On October 24, 2016, the French interior minister announced the dismantling of the 'Calais Jungle'. This huge informal settlement had housed up to 10,000 migrants. Five years later, the Calais area is still a key departure point for the United Kingdom, and living conditions of migrants there remain precarious.
There is nothing left of the old "Jungle", dismantled five years ago. On the dunes, outside the city center of Calais, vegetation has grown and the signs forbidding anyone to settle, posted after the expulsion of nearly 10,000 people, are still there, the letters washed away by the rain.
Like every other day in Calais, on October 24 2021, a convoy of gendarmerie arrive at 8 am to carry out another round of evictions from makeshift living quarters. At the time of the "Jungle", the name given by the migrants themselves to the dunes on the outskirts of the city, more than 10,000 people survived in an informal encampment that extended over several hectares.
Daily evictions and tent confiscations
Today, the public authorities have a clear goal: to avoid the installation of camps, which they call "fixation points". To do so, they carry out almost daily evictions. Although there are no longer any established settlements as such, several small camps have sprung up on the wastelands between Coquelles, Calais and Marck, currently sheltering two thousand exiles waiting to cross to England. During these evictions, tents are confiscated and often, with them, migrants' personal belongings.
Emma, coordinator of the Human Rights Observer project supported by the Auberge des Migrants, notes an increase in the rate of evictions. "For the past few months, the pace of evictions has been different, they no longer come every other day like last year, but really every day, in the morning and sometimes even a second time in the afternoon," says the activist, who does not want her last name to be published.
This incessant pace aims to discourage migrants from settling in Calais. "It causes a real weariness and fatigue for migratns, but people always come back a few minutes after the eviction, even if they don't even have a tent anymore. There is not always an accommodation solution and often they do not get back the things that are seized from them after the evictions. This year, 72% of people have not been able to recover their personal belongings," says Emma.
"In concrete terms, Calais is a lawless zone," says Wela Ouertani of La Cabane Juridique, an association which provides legal assistance to migrants in Calais. "Everything that happens is illegal, but the State always manages to justify everything with legal prowess. It's a very well-honed machine. We only ask the State to respect the law".
"In the context of Calais, the sheltering of people after evictions is a forced action, and therefore illegal. The evictions are carried out in flagrante delicto and normally this procedure does not allow for the eviction from land. But the State justifies itself by saying, 'we have noticed an offence, the occupation of land, so we went to ask the people to leave the land and the people left voluntarily'. This is how they can do it every day," she explains.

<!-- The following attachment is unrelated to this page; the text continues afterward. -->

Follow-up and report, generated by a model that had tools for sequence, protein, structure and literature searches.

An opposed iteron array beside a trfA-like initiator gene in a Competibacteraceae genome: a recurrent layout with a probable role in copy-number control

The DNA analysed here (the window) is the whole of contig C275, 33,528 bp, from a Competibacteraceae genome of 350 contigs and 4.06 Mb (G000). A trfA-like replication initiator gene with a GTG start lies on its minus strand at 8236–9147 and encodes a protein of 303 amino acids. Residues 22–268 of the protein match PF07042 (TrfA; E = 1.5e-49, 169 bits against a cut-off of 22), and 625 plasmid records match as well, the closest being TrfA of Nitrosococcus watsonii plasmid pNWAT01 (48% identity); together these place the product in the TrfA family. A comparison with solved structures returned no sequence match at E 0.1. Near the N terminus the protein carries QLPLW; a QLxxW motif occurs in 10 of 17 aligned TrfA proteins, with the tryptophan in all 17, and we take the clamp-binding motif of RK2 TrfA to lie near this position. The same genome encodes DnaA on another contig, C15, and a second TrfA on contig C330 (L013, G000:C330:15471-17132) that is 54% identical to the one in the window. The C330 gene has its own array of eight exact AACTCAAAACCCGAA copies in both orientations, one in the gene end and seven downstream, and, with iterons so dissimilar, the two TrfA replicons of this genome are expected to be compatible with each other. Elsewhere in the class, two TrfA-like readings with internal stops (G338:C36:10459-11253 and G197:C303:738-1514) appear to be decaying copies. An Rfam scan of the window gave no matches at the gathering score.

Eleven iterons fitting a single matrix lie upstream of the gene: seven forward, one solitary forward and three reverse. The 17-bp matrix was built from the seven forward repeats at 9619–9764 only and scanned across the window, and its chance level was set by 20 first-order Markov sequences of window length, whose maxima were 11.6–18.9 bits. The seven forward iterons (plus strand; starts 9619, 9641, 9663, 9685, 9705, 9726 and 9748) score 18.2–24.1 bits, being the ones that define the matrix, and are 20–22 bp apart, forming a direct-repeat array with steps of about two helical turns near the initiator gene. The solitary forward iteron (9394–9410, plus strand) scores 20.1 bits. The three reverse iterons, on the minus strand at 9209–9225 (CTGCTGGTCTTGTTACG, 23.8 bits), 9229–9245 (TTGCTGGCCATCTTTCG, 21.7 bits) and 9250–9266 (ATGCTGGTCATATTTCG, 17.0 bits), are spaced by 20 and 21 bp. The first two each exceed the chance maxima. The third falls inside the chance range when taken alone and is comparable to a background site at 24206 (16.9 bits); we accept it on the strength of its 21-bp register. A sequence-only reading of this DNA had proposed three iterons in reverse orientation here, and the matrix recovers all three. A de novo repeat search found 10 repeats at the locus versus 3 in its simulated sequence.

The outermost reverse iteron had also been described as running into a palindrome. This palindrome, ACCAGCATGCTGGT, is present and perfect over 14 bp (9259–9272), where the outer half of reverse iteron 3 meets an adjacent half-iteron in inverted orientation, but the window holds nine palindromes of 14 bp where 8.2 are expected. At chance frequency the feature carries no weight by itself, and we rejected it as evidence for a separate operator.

Surge in attempted boat crossings
As a result of this daily practice of eviction, since the dismantling of the Jungle, the number of attempted boat crossings has exploded. Loan Torondel, an aid worker, is the author of an independent report on these crossings between 2018 and 2021. "[Boat crossings] were very rare at the time of the Jungle, there were mostly individual attempts. In 2018, the phenomenon of group crossings really started and then took on a considerable scale," he observes.
"One of the causes is the securing of all the parking lots and the port. Trucks have become a more difficult route to access," explains Torondel. "Today, people try by boat and truck, depending on the weather or the day. The deterioration of the living conditions in the camps also causes great stress for the people because they never feel safe. It pushes them to take risks to cross."
Avoiding 'fixation points'
Since September 2020, a controversial prefectural order has also been renewed each month by the authorities, prohibiting all distribution of food and drink by associations not mandated by the state in a very large section of downtown Calais.
Other measures have been taken by the authorities to avoid "fixation points". In one of the camps near Coquelles, the prefecture's services installed several tons of rocks to prevent access to food distribution points and the filling of a 1,000-liter water tank that was benefiting nearly 600 people. The first time they were moved by the exiles and some associations, larger rocks were driven into the ground in one night, a few days later.
Daily life in the Calais camps is very different today than it was in 2016, when the informal settlement was first established. Living conditions have deteriorated and the near-daily evictions have even been denounced in a lengthy report by the NGO Human Rights Watch published this month. After its publication and to denounce this "harassment" by the authorities against the migrants, three people have been on hunger strike since October 11, 2021.